Corporate manslaughter – The fact and fiction by dfhercbml


Corporate manslaughter – The fact and fiction

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									                 Corporate manslaughter – The company car versus cash issue

The introduction of the Corporate Manslaughter and Corporate Homicide Act 2007 has caused
much concern for organisations whose employees drive on company business. If you are
responsible for the running of your car fleet you will no doubt have seen in the media a range of
fleet products and services advertised under messages such as “Get this wrong and you risk going
to jail”. The task can be made more difficult by the fact that there is much misunderstanding of
what the new legislation actually means in practice. Chris Bolan, a leading employee car scheme
specialist, gives an overview of the key points.

The current climate
The change to a CO2 emission based method of taxing company cars (introduced in 2002) has had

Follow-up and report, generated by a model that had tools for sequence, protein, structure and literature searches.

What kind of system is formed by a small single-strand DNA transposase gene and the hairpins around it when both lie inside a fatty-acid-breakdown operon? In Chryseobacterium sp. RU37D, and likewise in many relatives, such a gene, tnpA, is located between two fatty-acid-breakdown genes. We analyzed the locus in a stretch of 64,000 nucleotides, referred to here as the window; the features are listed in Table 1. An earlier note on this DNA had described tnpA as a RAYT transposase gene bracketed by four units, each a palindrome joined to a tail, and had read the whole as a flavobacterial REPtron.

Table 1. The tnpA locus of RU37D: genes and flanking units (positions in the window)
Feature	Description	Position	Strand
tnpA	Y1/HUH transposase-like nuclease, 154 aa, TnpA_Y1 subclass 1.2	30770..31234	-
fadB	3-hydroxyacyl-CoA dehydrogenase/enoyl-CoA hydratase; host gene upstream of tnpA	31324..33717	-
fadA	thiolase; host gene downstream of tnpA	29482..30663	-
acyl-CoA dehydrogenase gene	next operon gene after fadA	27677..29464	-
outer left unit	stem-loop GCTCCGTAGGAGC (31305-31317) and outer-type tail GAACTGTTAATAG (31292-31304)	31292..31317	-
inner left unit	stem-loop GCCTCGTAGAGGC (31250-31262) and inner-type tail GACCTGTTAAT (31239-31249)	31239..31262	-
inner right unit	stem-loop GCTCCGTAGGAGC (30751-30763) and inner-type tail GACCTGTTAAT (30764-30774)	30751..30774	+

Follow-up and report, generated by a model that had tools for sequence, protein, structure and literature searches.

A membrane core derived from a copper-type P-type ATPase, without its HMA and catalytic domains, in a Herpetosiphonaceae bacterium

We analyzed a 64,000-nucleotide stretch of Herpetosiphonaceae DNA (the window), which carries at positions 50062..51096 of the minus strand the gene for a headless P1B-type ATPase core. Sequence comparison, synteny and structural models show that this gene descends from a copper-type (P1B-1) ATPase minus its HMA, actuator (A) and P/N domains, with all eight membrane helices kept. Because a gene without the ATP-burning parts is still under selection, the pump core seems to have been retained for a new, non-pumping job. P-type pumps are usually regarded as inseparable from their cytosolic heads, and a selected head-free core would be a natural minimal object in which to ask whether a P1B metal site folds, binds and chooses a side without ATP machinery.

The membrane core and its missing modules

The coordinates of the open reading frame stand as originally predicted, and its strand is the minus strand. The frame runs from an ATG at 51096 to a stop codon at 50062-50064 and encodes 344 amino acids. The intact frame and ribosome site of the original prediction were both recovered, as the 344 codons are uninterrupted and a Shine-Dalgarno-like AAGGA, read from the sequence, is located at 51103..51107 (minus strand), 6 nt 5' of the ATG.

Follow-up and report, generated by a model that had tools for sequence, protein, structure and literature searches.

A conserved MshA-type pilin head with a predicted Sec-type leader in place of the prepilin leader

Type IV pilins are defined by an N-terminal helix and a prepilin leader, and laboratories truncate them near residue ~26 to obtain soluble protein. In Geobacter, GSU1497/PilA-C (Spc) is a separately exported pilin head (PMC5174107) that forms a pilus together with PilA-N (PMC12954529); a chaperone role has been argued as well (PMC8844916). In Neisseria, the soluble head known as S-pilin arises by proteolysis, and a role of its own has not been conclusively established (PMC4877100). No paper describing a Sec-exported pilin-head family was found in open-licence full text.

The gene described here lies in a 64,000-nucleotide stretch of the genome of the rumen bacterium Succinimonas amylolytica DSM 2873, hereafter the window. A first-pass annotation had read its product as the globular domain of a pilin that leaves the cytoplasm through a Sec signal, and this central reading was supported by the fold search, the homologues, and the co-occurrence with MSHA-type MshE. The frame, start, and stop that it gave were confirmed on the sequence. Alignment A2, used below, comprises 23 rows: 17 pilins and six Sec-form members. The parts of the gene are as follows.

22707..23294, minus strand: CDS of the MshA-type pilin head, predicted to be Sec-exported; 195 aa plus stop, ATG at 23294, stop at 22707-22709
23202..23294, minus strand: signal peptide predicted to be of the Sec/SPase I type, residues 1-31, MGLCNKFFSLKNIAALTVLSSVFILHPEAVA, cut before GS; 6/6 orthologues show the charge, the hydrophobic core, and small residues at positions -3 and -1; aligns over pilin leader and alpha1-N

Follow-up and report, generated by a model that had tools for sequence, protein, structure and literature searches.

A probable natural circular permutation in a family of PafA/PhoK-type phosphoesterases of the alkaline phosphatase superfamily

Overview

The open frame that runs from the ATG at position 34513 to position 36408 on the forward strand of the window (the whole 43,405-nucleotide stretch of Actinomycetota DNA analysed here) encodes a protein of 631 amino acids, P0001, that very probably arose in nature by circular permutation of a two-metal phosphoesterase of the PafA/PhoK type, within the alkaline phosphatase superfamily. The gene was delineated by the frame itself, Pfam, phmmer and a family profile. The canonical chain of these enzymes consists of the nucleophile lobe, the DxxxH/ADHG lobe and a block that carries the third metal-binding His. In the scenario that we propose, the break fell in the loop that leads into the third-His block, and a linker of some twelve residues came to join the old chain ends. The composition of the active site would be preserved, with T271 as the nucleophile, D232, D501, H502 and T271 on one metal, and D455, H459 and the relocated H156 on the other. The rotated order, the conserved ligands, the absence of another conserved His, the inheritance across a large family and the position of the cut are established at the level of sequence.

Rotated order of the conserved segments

a very significant effect on the structure of company car fleets. Many employees have moved away
from the company car option and chosen to fund their own vehicle by way of a cash alternative
offered by the company. The result has been an estimated fall of more than 25% in the number of
company cars on the roads today compared to 2001. Further developments suggest employee
ownership will continue to remain an attractive option. Recently, following the Government
review of Approved Mileage Allowance Payments (AMAPs), an announcement was made in the
2008 Budget that there would be no changes to the current system. AMAPs provide tax relief for
employees who drive their own vehicle on company business and have been an important factor in
encouraging employees to move away from company cars.

However the introduction of the Corporate Manslaughter Act has caused much uncertainty about
how companies should safeguard against potential prosecution so what will this mean in terms of
how organisations structure their car fleets and will we see start to see an increase in the number of
company cars?